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In Carrollwood, a mansion interrupted gets attention of code enforcers, neighbor

Simon Canasi stands on a neighboring lot outside the site of what he calls Chernobyl, a mansion interrupted in the Lakeside Terrace subdivision. “I got a back yard full of monkey bars,” Canasi says.

Richard Danielson | Times

Simon Canasi stands on a neighboring lot outside the site of what he calls Chernobyl, a mansion interrupted in the Lakeside Terrace subdivision. “I got a back yard full of monkey bars,” Canasi says.

CARROLLWOOD — At nearly 25,000 square feet, the partly built mansion on Lake Ellen was meant to be someone's dream home.

Instead, its rusting skeleton is Simon Canasi's nightmare.

"I call it Chernobyl," said Canasi, 52, a Smith Barney financial adviser who lives behind the unfinished hulk. "I got a back yard full of monkey bars. ... It's disgusting."

The construction site, at the end of Lake Ellen Lane in the Lakeside Terrace subdivision, once was home to the state headquarters of the Salvation Army.

But in 2004, the charity sold the property for $3.1 million to a company led by the son of entrepreneur Pradip C. Patel.

After emigrating from India in 1973, Patel bought a motel near Busch Gardens. But he made his fortune with his brother, Dr. Kiran Patel, by co-founding the WellCare HMO and building it into a billion-dollar business.

Soros Private Equity Group bought WellCare in 2002 for more than $200 million, according to a Web site for Naidip Capital, a real estate investment business that Pradip Patel now runs.

A construction permit that Patel pulled in 2005 describes a two-story showplace with five bedrooms and 41/2 baths. Plans called for a home theater, grand hall, library, temple, spa and elevator. The plans also indicated the house was being built for Patel, 57, and his wife, Naini.

Patel wants to complete the project, but the recession has hampered his efforts, said Sam Aref, whose company is working on site plans for the project and the site cleanup.

Canasi complains loudly about the house, Aref said, but other neighbors do not.

Patel is looking to downsize the mansion, on which he has already spent at least $1.5 million, Aref said.

"Why would anybody give that up?" Aref said. "Ultimately, he wants to finish it, but with the bad times that we're going through, you tell me, how can he finish it?"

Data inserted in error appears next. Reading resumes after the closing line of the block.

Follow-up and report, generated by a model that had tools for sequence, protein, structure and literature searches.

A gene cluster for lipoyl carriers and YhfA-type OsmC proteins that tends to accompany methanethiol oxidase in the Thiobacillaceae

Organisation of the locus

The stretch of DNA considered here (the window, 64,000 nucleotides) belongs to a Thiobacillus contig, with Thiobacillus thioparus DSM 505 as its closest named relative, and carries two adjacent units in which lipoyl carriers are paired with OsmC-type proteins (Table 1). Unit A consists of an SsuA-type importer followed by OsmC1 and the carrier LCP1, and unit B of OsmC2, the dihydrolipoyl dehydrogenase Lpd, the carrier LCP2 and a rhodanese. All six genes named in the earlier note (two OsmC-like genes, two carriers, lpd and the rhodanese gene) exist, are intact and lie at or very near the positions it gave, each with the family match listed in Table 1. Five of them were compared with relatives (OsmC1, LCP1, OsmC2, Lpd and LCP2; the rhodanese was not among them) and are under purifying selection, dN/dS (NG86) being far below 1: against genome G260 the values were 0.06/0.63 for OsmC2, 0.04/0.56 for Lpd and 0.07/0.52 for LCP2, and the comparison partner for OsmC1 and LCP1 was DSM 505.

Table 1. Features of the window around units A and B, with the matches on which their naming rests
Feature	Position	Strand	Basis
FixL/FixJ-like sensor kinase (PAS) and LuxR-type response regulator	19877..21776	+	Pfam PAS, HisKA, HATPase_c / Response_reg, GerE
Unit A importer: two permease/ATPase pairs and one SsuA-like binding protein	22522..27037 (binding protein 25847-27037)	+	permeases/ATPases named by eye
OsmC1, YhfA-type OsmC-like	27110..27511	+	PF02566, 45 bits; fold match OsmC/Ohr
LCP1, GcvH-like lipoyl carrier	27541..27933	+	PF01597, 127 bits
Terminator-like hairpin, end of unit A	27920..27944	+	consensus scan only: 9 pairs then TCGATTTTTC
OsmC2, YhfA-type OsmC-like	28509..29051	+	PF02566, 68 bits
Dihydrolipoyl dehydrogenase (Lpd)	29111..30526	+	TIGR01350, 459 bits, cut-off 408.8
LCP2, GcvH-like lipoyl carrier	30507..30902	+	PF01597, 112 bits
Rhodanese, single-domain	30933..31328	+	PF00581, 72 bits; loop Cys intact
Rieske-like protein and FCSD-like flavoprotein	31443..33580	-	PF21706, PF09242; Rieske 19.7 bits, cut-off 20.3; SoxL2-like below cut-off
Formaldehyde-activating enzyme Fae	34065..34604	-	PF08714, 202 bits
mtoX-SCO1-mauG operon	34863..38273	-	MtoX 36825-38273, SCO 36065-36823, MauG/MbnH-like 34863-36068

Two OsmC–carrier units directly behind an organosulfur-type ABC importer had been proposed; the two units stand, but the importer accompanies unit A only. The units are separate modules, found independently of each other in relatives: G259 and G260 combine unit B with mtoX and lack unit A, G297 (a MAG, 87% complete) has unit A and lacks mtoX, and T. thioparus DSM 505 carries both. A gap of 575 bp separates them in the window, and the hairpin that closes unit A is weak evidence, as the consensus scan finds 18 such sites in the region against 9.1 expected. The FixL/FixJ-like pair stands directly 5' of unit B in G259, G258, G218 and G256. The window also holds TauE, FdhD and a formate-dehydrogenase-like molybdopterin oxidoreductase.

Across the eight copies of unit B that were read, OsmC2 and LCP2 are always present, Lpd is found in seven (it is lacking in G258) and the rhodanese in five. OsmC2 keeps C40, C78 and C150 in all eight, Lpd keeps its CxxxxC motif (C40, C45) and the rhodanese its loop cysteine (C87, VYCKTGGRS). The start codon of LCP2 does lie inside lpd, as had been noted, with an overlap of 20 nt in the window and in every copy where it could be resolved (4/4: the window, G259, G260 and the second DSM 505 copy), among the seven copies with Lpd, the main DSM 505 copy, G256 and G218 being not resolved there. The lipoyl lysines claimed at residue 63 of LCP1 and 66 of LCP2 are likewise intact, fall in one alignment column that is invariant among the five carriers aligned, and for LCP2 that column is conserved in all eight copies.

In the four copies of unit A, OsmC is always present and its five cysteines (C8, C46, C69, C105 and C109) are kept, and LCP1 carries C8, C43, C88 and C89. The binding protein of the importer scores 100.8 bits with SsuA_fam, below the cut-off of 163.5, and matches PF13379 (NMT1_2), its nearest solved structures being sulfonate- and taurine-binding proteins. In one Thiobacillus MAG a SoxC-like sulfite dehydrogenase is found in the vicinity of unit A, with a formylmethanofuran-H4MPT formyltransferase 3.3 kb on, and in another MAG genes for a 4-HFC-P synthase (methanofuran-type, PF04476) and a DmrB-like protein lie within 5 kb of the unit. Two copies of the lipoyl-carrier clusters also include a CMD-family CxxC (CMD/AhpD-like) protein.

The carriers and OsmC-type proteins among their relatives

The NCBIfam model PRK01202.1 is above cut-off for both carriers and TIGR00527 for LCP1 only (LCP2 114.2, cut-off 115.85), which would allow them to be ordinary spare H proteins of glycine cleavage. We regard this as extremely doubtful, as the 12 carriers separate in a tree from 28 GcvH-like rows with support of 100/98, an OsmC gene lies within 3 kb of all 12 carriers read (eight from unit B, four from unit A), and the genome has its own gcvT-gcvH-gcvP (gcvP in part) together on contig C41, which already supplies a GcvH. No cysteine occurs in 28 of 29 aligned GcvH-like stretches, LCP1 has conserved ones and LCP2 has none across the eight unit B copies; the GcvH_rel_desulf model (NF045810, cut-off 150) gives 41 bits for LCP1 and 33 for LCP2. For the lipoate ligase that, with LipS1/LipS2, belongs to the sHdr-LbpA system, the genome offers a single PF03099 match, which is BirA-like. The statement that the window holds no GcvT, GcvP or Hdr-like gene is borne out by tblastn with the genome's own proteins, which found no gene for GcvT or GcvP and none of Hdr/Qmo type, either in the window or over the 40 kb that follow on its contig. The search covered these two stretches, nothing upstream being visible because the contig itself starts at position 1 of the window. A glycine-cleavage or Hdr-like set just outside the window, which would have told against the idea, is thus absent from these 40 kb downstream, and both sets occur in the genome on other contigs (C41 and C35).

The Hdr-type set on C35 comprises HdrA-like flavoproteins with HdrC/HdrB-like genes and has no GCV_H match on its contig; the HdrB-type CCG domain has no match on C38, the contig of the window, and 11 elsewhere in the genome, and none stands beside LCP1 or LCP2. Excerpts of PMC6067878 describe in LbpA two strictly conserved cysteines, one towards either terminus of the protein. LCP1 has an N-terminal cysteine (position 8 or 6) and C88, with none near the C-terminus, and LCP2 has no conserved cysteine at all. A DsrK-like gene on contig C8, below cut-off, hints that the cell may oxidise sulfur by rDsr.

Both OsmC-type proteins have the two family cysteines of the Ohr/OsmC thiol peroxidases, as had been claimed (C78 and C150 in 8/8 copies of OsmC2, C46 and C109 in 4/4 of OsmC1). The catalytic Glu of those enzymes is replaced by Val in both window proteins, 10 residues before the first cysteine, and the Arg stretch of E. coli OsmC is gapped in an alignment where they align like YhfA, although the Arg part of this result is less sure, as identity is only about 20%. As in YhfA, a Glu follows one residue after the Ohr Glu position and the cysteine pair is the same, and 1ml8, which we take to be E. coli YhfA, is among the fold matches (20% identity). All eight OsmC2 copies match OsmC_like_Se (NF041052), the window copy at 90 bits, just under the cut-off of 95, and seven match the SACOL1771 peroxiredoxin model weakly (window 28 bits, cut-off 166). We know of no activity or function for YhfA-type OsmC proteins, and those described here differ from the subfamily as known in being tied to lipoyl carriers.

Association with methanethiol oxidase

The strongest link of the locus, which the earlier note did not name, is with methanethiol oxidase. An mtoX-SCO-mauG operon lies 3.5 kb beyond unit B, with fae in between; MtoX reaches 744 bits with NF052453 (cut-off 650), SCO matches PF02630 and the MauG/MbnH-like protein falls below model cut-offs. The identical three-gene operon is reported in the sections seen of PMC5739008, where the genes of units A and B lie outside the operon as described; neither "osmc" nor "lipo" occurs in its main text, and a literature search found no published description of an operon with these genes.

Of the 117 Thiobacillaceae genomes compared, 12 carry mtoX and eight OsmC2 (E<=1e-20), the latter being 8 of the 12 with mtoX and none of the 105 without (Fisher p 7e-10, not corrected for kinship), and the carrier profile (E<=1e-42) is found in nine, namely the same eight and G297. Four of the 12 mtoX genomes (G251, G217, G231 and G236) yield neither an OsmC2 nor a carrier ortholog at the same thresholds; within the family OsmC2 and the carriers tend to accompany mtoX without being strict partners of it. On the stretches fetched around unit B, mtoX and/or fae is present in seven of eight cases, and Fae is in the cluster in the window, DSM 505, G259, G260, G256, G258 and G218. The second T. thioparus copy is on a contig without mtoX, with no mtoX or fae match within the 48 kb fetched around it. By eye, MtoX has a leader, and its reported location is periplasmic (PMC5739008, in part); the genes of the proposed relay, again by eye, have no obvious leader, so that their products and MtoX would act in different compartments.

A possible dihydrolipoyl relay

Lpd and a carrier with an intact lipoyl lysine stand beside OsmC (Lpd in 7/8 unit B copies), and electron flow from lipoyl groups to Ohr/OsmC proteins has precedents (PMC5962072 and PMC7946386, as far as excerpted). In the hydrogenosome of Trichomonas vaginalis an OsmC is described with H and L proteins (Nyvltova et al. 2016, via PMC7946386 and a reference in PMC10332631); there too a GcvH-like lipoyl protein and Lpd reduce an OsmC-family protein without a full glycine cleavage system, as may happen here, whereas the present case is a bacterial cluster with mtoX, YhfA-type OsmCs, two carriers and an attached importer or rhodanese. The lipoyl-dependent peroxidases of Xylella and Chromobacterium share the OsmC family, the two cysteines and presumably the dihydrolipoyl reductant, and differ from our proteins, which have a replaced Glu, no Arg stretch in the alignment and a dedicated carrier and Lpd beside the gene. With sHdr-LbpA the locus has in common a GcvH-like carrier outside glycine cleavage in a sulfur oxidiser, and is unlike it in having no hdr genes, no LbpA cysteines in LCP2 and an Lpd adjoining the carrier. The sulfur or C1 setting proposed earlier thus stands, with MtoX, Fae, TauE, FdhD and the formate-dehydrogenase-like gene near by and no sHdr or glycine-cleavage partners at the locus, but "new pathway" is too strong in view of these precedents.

At this point, the site is home to a large frame of steel girders and a half-dozen concrete columns. The white plastic pipes for the home's plumbing stick up like stalks of corn. Construction on the house stopped two years ago, Canasi said.

Patel's Lake Ellen home had an active construction permit until April 2008, Hillsborough County officials say. After the permit expired, they said the problem was not brought to their attention until this spring, when they heard from Canasi.

After that, county officials considered tearing the thing down themselves.

"We've looked at it from every possible angle," county code enforcement director Dexter Barge told county commissioners last month. But, he said, "we don't have that legal authority at this time to go in and actually demolish the structure."

Commissioners told their attorneys to send Patel a letter demanding that he clean up the property.

"This is a detriment to that community," Commissioner Jim Norman said.

Code enforcement inspectors have cited Patel's company for accumulations of debris, not having a construction permit and allowing the property to become a public nuisance.

The Code Enforcement Board is scheduled to consider the matter on June 12. The board can levy fines of $1 to $1,000 for each day that the violations continue.

In response, Aref agreed to have the property cleaned up and volunteered to use concrete blocks already on the property to build a wall shielding neighbors' view.

The wall is one of the conditions the county required when it rezoned the land for the project, said Jim Blinck, the county's manager for code enforcement operations. The wall is not part of the code enforcement case, but Blinck said inspectors are requiring that the concrete blocks be removed.

On Wednesday, Aref met with Blinck and two other code enforcement officials on the property, where workers have hauled off debris, repaired a boat dock and cut down vegetation.

"It looks much, much better than it did," Blinck told Aref. Still, he said the property owner needs to cut down overgrown bushes directly behind Canasi's property, take care of the piles of blocks, fix a few more things at the dock — and finish the house.

Blinck said he would likely recommend that the Code Enforcement Board require that construction of the wall begin and the overgrown plants be cut down within 30 days.

"If, in fact, there is a wall that's coming up, I welcome that wall just as long as he makes my side pretty," Canasi said.

Canasi isn't alone in feeling like the project has left him hanging.

Rairigh Construction Management filed a $338,659 lien against the property in February. The company said it had not been paid for acting as the project's general contractor.

Ray Rairigh said he never got a clear explanation why the project was shut down.

"We haven't been involved in quite some time," he said. "We are as clueless as anyone else."

In Carrollwood, a mansion interrupted gets attention of code enforcers, neighbor 06/04/09 [Last modified: Thursday, June 4, 2009 4:30am]
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